The Renault Clio is as handy as a weasel

The Renault Clio plays a contrast program that couldn't be more clear. The Renault Clio unmistakably that dynamic driving characteristics are more important to him than soft suspension comfort. It drives as handy as a weasel, with precise steering and only slight body movements when changing direction quickly. It's fun as long as the road is in an even, ideal condition. But when the rough reality comes up in the form of bumps, the pleasure comes to an abrupt end. The tightly designed suspension is simply overwhelmed, bumps come through smoothly and hard. Even on the highway, the Clio does not come to rest, but plagues its occupants with constant small vertical movements. Rear passengers who sit near the particularly shock-sensitive rear axle suffer from this. The Citroën, with its very strong power-assisted steering, which, especially in the lower speed range, gives little feeling for the road surface, is not as active as the Renault, but is no less safe.

More pulling power with the Renault Clio

In extreme situations it does not show any insidious reactions, although the ESP is as well-dosed as in the Renaultintervenes so that driving errors within what is physically possible do not have any serious consequences. The brakes ensure good deceleration in both cases and take very high loads calmly - with slight advantages for the sporty Renault. It also has the modern-looking engine technology. Under the hood sits a very modest four-cylinder with a displacement of just 1.2 liters, which is boosted by turbo charging. The result: more power and more torque than the engine of the Citroën C3, which starts without supercharging but with a larger displacement. The differences in the measured values ​​may appear small, but the driving impression speaks its own language. The Turbo of the Renault Clio gives more of the feeling of sturdy pulling power.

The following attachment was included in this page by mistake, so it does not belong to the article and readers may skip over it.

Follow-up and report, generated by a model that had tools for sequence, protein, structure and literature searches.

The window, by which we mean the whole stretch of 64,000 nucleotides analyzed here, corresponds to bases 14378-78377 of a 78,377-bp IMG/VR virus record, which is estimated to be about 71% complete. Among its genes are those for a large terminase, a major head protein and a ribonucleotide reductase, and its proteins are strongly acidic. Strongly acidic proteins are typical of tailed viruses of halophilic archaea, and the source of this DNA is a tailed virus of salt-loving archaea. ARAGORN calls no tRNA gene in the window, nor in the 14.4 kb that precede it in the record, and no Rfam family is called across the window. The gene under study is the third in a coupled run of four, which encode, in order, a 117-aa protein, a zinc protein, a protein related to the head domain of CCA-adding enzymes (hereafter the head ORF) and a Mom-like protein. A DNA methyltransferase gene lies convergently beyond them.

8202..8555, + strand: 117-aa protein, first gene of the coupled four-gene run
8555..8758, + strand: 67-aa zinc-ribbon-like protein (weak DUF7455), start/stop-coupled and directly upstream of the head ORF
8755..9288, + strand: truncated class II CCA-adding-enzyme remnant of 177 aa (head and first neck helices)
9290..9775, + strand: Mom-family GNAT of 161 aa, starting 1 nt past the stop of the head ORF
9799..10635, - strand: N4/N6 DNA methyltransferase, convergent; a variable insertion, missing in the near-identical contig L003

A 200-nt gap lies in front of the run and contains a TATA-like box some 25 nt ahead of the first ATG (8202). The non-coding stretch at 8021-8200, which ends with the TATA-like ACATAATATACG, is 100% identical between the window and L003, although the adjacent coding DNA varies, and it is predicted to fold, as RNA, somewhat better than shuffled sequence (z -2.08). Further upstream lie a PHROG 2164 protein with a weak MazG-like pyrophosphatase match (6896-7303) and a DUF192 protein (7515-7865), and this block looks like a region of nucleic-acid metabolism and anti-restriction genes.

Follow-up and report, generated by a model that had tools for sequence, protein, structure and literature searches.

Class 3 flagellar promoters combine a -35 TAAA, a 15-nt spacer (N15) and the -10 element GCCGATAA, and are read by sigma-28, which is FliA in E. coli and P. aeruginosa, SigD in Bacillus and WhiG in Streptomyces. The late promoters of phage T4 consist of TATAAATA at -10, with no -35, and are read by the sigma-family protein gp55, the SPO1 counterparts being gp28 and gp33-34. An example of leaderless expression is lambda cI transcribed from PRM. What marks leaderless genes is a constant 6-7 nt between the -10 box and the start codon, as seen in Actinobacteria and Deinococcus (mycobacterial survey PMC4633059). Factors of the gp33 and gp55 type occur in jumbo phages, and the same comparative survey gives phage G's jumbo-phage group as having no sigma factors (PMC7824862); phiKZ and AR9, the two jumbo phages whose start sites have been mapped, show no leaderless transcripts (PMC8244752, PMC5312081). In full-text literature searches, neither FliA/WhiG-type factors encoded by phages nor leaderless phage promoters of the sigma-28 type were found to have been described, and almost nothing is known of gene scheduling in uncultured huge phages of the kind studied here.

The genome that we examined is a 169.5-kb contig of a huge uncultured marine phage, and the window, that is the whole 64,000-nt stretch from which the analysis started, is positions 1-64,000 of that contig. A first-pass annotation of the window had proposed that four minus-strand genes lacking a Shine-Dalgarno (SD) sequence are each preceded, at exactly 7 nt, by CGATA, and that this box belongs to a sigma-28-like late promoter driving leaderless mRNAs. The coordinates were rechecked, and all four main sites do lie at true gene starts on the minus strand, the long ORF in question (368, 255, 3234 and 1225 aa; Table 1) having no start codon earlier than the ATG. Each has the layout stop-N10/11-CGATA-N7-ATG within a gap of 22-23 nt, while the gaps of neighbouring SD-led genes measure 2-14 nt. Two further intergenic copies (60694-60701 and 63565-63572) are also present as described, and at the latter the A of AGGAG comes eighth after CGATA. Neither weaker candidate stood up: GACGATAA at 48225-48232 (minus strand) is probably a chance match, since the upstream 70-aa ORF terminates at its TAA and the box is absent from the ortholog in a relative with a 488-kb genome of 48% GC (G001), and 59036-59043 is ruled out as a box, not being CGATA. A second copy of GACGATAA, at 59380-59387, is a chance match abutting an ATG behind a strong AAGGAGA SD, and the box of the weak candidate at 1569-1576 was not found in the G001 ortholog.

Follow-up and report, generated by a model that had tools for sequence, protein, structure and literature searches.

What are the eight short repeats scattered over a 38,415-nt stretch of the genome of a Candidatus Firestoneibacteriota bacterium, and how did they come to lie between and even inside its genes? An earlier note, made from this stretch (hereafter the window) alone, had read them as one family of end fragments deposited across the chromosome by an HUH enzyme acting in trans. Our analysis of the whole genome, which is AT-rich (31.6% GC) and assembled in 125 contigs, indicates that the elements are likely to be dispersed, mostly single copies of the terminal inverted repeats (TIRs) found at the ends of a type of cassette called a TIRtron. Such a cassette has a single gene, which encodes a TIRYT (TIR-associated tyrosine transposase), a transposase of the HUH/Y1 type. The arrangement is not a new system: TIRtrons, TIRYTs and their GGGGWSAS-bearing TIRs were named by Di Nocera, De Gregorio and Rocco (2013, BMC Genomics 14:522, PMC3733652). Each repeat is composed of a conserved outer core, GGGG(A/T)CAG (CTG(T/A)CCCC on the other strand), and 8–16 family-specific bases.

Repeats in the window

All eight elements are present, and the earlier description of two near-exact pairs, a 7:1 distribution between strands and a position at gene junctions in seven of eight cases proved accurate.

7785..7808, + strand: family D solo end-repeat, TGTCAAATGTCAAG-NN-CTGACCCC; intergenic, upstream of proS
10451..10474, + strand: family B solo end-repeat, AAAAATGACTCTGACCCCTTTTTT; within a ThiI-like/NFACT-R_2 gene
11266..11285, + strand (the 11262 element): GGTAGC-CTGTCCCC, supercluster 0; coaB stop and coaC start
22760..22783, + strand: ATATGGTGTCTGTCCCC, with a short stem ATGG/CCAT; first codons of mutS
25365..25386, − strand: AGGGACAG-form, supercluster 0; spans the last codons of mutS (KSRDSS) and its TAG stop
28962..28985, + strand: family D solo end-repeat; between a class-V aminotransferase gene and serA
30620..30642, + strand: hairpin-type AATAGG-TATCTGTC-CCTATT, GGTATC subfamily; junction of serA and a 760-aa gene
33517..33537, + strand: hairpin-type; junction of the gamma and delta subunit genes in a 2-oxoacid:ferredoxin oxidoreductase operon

Both French afford a fairly high test consumption

The damping effect of the charger in the exhaust tract is also reflected in an unobtrusive run of the four-cylinder noticeable, which only causes a noticeable humming noise when fully turned off. The Citroën four-cylinder looks less powerful and is more acoustically present. Especially at high speed, because the Citroën C3 has just as little as the Renault Clio a long sixth gear and is therefore traveling at relatively high speed. Last but not least, this results in consumption values ​​in both cases that are acceptable, but really not exemplary. On this point, a new Citroën should be much more avant-garde. Because in real life, it's not just the Renault Clio that needs to be beaten.